Point of Beginning

Leica Geosystems Releases New Features for its ALS40 Airborne Laser Scanner

April 8, 2002
Leica Geosystems has released new features for its high-end LIDAR system, the ALS40 Airborne Laser Scanner. The ALS40 now offers multi-mode operation, 1-3 return intensity with automatic gain control (AGC), as well as 38 kHz pulse rate at 100% duty cycle flying at 2 km, and up to 50 kHz below 1.5 km. The new capabilities allow users to collect highly detailed LIDAR data, tailor the system's operations mid-flight, respond to higher variations in altitude and signal strength, and decrease data storage requirements and processing time.

The Leica ALS40 has the widest field of view (75 degrees) and highest altitude (6100 m above ground) capability of any LIDAR system available and is the first commercially available LIDAR system whose range and intensity settings can be altered midflight, on a flightline by flightline basis. "We listened to our customers and built the most intuitive and accurate system for the working environment," stated Doug Flint, Director, LIDAR, Leica Geosystems. Flint continued, "With the ALS40's flexibility to switch modes midflight, users stand to save a tremendous amount of storage and processing costs by collecting exactly the level of detail necessary for each flightline."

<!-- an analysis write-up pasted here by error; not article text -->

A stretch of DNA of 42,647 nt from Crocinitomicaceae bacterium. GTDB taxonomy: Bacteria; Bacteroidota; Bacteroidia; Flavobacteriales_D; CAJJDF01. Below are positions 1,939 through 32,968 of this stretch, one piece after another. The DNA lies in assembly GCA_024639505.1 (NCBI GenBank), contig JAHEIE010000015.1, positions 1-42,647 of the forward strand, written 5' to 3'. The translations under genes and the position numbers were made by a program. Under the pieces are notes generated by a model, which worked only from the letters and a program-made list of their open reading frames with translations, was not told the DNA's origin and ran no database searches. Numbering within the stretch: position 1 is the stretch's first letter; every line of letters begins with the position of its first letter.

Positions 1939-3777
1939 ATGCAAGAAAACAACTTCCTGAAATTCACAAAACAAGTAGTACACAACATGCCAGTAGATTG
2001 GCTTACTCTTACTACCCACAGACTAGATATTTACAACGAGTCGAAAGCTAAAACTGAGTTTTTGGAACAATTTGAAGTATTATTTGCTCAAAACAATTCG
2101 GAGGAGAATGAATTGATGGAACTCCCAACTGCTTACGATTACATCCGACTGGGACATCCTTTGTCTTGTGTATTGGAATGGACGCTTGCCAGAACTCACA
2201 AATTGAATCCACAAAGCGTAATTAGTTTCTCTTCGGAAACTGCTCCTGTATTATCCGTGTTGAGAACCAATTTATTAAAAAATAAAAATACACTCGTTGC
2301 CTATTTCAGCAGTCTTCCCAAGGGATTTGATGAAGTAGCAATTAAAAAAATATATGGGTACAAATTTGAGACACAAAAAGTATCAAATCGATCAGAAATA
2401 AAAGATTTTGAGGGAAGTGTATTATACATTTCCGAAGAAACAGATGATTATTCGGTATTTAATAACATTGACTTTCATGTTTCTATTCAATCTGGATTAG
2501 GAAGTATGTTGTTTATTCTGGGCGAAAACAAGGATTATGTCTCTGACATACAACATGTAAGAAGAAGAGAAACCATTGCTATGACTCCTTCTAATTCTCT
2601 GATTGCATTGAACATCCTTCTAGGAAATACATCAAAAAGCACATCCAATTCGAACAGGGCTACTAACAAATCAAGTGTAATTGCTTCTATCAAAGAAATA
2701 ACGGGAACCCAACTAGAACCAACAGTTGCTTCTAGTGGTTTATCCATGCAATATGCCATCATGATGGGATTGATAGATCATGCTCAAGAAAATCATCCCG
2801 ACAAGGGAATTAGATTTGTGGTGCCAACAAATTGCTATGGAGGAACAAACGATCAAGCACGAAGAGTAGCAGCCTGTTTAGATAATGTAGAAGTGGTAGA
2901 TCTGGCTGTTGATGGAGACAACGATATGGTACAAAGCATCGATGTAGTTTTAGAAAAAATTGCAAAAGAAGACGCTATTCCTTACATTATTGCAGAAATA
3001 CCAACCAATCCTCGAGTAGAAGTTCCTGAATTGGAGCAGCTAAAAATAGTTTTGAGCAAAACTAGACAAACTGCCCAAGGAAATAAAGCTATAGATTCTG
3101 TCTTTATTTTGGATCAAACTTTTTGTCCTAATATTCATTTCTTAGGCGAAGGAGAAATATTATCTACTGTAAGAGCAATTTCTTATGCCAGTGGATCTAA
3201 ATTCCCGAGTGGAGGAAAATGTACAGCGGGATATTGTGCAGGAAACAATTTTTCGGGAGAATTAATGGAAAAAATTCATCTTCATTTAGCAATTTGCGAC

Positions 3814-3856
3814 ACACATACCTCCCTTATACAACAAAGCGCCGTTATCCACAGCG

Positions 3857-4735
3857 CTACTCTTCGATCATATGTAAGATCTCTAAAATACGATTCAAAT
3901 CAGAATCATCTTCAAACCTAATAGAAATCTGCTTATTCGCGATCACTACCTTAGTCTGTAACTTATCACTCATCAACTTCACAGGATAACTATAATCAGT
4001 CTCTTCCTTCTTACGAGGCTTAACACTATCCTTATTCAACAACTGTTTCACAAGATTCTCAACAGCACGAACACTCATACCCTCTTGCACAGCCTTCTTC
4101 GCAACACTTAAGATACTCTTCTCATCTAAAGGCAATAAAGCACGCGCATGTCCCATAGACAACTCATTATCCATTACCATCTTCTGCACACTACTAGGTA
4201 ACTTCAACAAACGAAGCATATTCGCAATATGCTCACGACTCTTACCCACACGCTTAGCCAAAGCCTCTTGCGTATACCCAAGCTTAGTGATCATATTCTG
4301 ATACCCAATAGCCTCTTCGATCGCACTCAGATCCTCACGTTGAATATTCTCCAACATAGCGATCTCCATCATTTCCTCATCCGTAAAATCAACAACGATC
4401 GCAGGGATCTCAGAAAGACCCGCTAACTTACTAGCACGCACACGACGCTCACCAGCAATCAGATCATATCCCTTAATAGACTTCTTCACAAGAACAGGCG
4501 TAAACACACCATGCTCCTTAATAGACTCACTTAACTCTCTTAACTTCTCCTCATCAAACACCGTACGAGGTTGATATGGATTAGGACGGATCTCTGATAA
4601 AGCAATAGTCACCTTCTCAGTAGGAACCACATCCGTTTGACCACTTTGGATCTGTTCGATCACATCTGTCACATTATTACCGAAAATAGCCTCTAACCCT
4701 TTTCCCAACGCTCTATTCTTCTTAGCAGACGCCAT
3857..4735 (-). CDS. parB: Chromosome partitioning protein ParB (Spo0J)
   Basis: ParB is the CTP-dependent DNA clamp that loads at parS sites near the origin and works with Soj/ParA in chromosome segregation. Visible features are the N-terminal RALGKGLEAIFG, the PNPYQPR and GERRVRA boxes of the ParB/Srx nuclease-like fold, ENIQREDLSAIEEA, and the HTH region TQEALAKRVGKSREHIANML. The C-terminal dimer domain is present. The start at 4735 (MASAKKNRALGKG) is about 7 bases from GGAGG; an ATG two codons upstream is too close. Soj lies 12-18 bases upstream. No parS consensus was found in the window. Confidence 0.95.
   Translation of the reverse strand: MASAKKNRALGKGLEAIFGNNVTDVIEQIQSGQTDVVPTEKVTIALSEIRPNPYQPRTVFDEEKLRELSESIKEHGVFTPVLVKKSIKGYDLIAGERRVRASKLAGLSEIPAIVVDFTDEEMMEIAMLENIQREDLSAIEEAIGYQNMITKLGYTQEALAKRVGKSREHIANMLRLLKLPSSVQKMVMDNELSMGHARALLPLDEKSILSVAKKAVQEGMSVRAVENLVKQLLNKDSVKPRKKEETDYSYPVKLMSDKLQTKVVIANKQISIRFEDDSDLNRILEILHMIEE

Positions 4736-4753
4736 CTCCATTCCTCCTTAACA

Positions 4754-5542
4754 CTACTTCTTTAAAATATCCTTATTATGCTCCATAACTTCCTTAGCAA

For customers who cover rugged and/or densely featured terrain, the ALS40's 38-50 kHz pulse rates offer higher forest canopy penetration, a more precise set of data and the ability to determine the sizes and locations of smaller objects on the ground. Providing up to 3 amplitudes and 3 ranges with AGC gain digitized, the ALS40 exceeds the dynamic range of systems that do not use AGC by almost 4 additional bits, for data collection at a greater variety of flying heights. Complementing the RC30 aerial film camera and ADS40 Airborne Digital Sensor, the ALS40 offers Leica Geosystems customers a third technology for cost-effective airborne data acquisition.